Venture Capital

Where does venture capital go now?

May 6, 2022

Fear in the public and private markets is being driven by three core market factors: inflation, economic fallout from Ukraine, and an expectation that the U.S. Federal Reserve will continue to raise interest rates. For venture-backed private companies, valuations have come down from the highs of 2021 and founders can now expect tougher terms from investors, or more aggressive deal terms, such as higher liquidation preferences, participating preferred stock, and anti-dilution clauses. Many IPOs will be delayed, especially for companies without the fundamentals to back their valuations.

Pushing against these headwinds is $500 billion of dry powder in the venture capital ecosystem. Investors who are trying to navigate this uncertainty should keep an eye on the following important factors:

1. Inflation

Inflation is eating the world right now and that includes investments. Investors are increasingly forced to allocate to high growth to avoid losing money. The Fed’s necessary response — raising interest rates — historically has not been a friend to growth either but we may be in the midst of peak near-term inflation. If the Fed is successful in reversing the upward trend and the economy avoids recession, keep an eye on VC funding flows. They may pick up along with exits in the second half of the year and early next year.

2. Secondary market prices (Hint: Say goodbye to the insulation myth)

Once upon a time, VC claimed to be insulated from public market volatility, in part because prices were hidden between funding rounds. Now, investors don’t have to wait. We saw the public market correction in February and March echo right through the vibrant secondary market for venture-backed equities. EQUIAM lowered bids up to 50% in December and January. There was initially some hesitation on the part of sellers, but by February, attitudes had changed. Secondary market prices now show a significant drop in multiples on revenue.

3. An IPO thaw?

Amidst a Q1 slowdown in IPO velocity, founders and their backers are wondering how long they will need to wait for an exit. Unicorns that have been discussing an IPO since last year, such as Stripe and Reddit, may push hard for 2022. For everyone else, it’s a game of waiting for clear signs of a sustained market recovery. Again, watch for more activity in the second half of the year, especially if we see slowing inflation and a successful breakout IPO. Newly public companies with strong fundamentals may look like deals compared to frothy 2021 valuations.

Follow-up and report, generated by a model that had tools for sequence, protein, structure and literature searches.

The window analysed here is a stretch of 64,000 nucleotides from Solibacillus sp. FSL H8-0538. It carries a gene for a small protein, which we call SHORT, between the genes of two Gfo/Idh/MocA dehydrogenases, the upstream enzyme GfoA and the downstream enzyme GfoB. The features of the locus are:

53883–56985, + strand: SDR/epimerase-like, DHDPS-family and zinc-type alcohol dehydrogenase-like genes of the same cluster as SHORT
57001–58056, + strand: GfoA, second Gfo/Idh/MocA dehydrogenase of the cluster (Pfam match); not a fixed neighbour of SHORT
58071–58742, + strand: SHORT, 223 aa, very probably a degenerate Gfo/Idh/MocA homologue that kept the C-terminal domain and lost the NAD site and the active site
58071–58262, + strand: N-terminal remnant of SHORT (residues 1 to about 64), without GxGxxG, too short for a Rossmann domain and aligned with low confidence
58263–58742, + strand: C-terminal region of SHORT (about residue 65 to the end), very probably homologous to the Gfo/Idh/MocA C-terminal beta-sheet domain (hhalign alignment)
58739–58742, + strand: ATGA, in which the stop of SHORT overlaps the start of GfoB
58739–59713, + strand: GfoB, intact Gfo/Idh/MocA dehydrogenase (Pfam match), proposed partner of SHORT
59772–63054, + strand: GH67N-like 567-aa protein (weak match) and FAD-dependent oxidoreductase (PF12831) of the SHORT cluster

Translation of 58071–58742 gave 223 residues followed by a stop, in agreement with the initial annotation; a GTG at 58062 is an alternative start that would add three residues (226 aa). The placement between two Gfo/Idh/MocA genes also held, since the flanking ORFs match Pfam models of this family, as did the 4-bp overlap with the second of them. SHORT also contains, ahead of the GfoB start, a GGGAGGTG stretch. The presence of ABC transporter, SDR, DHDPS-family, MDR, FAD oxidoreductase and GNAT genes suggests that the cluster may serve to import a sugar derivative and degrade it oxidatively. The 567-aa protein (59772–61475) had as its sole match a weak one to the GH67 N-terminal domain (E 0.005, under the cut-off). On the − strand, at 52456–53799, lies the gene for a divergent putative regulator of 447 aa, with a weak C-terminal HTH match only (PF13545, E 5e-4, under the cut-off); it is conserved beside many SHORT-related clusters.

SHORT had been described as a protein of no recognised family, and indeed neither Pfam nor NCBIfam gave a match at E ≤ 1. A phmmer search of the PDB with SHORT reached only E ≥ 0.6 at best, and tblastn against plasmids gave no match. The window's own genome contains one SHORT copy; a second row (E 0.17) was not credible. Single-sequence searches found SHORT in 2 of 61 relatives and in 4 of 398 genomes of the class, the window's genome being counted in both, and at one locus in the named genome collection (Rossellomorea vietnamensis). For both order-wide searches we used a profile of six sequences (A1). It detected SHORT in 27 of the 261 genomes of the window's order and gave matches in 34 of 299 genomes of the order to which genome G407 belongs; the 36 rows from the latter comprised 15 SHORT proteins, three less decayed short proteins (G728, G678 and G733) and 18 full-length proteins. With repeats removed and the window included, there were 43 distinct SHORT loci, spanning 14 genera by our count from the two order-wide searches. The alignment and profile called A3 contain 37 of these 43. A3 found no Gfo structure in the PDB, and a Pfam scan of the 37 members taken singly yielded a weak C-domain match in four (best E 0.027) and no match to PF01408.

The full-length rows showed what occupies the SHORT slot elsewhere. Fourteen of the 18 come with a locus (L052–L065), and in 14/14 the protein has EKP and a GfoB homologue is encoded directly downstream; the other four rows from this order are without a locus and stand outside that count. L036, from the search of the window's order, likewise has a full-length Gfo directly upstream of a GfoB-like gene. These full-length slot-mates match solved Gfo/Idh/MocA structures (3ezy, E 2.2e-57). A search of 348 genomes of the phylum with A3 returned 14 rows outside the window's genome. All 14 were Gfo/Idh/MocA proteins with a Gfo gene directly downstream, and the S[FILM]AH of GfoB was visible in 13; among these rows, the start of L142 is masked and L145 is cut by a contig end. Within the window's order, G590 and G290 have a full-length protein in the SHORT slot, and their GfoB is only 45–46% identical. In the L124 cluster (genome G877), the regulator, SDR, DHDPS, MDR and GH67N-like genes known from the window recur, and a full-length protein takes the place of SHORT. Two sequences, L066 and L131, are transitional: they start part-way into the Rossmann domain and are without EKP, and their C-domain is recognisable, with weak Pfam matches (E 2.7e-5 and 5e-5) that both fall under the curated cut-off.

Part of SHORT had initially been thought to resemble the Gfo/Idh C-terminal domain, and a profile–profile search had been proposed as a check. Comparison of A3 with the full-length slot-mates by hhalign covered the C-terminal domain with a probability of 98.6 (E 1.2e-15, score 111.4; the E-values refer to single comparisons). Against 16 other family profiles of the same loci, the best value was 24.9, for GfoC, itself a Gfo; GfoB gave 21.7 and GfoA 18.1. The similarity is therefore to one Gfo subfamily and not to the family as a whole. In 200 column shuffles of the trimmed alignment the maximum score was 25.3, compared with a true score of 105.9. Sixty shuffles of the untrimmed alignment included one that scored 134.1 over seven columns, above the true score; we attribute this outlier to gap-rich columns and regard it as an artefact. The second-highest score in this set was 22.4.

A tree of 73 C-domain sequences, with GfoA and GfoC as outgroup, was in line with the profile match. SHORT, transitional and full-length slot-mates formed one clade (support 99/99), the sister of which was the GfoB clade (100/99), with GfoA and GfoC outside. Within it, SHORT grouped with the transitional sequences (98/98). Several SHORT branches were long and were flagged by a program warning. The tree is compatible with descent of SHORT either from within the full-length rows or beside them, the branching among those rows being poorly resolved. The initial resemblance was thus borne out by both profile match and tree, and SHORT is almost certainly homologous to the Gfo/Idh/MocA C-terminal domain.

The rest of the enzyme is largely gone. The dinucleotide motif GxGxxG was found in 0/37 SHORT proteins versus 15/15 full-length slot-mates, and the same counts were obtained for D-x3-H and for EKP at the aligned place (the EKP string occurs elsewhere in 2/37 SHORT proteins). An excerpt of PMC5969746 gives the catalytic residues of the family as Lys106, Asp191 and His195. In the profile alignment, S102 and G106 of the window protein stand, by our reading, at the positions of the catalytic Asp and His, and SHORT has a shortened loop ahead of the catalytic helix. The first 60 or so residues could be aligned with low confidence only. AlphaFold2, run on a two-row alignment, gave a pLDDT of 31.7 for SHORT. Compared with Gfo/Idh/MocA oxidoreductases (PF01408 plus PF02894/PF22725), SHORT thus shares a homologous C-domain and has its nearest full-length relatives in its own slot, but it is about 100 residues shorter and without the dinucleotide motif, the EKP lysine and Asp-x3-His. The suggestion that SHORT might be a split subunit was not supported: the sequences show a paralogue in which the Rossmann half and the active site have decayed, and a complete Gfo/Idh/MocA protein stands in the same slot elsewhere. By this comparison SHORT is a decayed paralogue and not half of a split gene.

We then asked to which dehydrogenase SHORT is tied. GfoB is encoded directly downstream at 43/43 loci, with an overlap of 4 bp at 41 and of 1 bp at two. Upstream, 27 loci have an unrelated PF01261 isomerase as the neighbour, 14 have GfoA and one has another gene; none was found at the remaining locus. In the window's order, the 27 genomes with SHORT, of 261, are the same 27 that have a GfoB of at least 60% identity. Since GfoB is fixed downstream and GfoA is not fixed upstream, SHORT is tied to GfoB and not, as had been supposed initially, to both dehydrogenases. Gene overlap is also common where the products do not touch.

4. Cash on hand and revenue growth

Founders who grew up in the issuer friendly venture market of the past decade face an unfamiliar reality: lower valuations and demands from investors that they may not have seen before. In this environment, a strong cash position, robust revenue growth, and a clear path to near term profitability are critical metrics for issuers to possess. Those rare companies with superb growth metrics, strong top-line and bottom-line growth, and most importantly, a valuation that is in-line with comparable public market valuations should find willing investors. On the other hand, less impressive firms may be forced to slash valuations, accept onerous funding terms, and potentially raise the dreaded “down round”.

There are still attractive growth deals in the market, but investors should approach high profile private company allocations with caution. EQUIAM’s path to risk minimization involves the use of data-powered, systematic investing to sift through thousands of possible target companies and millions of data points to identify the strongest companies and identify appropriate valuations. While most investors may not have access to the expertise, systems, and computational tools necessary to implement a full-scale data analysis, they should at least shift their investment priority from top-line growth to balance sheet strength and bottom-line health.

Shachi Shah

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